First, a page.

Keys to a “Gig-Getting” Electronic Press Kit

So, you have a band. You have some songs. And now you need gigs.

Problem is, no one knows who you are. Right?

Or worse yet, you have played a few gigs, but to less than optimal crowds. Did I hear crickets? Chirp chirp.

Let’s show them what you are all about! Let’s get your electronic press kit (EPK) together and get it out there.

Don’t get confused. Your EPK is not your website. The EPK is how you promote your band to venues. This is a digital file that you push out to get your band booked. Typically the EPK is in a PDF or Word file format. Venues can request it from your website or you can link to a downloadable file. You could save it to a CD and either mail it out or have at the ready for when you aren’t able to get on the internet. Some bands create a page on their website that contains all the relevant information of the EPK and direct booking inquiries to that page. From there, you capture contact information and get the booking process started.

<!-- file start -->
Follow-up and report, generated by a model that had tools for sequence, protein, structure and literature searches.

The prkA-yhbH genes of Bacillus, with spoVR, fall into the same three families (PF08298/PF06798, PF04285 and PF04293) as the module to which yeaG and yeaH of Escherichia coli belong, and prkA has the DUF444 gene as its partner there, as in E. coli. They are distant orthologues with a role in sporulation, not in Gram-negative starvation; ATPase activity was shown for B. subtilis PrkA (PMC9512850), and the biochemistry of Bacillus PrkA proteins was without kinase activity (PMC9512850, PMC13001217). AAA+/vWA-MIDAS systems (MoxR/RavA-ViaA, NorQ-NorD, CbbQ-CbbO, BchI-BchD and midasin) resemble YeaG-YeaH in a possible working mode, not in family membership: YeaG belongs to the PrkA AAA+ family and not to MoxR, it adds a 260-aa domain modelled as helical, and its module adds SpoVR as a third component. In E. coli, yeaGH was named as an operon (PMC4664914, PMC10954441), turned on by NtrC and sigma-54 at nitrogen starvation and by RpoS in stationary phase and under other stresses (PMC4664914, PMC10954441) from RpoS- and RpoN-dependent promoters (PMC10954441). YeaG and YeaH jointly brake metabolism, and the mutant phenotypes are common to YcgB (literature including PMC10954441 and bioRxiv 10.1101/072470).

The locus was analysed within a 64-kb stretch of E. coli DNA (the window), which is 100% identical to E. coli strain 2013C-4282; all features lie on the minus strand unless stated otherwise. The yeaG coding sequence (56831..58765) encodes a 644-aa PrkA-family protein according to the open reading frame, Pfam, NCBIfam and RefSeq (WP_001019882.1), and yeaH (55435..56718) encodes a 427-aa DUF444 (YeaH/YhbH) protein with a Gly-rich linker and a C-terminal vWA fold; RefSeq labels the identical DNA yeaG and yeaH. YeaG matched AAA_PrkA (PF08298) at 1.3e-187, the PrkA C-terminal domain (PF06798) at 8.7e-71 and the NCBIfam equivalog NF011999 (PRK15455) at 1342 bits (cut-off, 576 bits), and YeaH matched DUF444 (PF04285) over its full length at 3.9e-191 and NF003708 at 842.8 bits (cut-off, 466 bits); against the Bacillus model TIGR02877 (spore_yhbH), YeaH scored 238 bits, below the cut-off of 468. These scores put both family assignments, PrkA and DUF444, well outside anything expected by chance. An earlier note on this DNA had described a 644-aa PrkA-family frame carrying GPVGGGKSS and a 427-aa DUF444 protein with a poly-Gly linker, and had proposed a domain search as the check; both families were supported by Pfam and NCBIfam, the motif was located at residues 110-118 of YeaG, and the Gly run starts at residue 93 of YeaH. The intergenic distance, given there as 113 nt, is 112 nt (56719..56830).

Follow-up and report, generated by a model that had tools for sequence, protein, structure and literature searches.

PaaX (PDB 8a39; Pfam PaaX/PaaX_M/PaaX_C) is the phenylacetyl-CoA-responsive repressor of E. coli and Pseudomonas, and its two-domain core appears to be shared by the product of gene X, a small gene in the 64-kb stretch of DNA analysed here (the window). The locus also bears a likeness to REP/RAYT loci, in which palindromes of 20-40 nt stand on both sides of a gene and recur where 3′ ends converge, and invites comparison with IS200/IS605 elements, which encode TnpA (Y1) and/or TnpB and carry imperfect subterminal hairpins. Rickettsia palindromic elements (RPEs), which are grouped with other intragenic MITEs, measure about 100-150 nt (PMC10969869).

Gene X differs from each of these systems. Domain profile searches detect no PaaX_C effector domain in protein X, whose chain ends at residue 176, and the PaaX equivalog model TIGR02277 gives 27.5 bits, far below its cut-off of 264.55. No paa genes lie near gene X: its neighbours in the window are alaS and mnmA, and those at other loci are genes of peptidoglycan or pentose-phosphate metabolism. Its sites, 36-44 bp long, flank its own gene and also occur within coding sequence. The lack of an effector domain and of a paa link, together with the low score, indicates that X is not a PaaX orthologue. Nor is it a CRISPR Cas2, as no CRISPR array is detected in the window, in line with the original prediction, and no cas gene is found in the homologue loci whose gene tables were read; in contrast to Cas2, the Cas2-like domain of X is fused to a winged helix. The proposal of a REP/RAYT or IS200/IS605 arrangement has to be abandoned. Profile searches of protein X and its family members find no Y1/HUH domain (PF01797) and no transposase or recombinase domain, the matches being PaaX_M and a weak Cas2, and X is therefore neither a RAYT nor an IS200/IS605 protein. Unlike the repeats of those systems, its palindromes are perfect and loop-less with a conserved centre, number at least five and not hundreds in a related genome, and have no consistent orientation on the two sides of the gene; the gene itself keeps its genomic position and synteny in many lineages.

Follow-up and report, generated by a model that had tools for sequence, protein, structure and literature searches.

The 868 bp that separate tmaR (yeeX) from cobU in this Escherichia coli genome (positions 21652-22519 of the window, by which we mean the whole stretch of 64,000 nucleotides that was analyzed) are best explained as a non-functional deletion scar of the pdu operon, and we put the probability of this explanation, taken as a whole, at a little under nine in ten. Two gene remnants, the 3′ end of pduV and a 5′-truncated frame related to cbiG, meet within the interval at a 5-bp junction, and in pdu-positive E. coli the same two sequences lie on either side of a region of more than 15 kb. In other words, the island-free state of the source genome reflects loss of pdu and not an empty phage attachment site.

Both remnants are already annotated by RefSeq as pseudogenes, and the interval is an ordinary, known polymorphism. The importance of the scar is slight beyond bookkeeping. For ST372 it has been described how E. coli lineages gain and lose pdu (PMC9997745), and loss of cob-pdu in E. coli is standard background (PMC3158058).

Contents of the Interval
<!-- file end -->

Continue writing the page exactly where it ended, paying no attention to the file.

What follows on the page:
There are 6 key elements to a rockin’ good electronic press kit (EPK). Venues like to see an EPK that is short, to the point and showcases your band. They want to know that you can work with them for a great night, festival, wedding, etc. So when you put together your EPK, keep that in mind.

Band Bio

This is where you get to pump your band. Tell a little about how you came together, what your roots are, and any short inspirational stories. Be sure to include band members, instruments and music genre. Some say to keep this super short, and for the most part that’s a good strategy. Still, RCP’s booking experience has been that venue owners want to know a little history. Pictures of the members and the band hangin’ out together are great, so put a few pics on this page.

Band Pictures

This really is a no brainer. Of course you want pictures. The best “Gig-Getting” pictures show off your stage presence and also a crowd. A few of these pictures should be professionally taken and in a high resolution format. High resolution does better when the owner of the venue wants to make posters for advertising. Get someone with a good camera to come to your next gig, offer them up a dinner on the band for some cool pictures that you can use. GET CROWD SHOTS! If you are trying to get booked at local clubs, the owners are going to want to see that you can keep a crowd. Smart phone pics are good too, but be sure to get high quality shots as well.

And…DON’T FORGET THE LOGO!

Music

Once again…no brainer. You must let the potential venue hear your music. YES…YOUR music. Do not put up songs you cover by the original artist. Get some good recordings either in a studio or at a live event and add them to your EPK.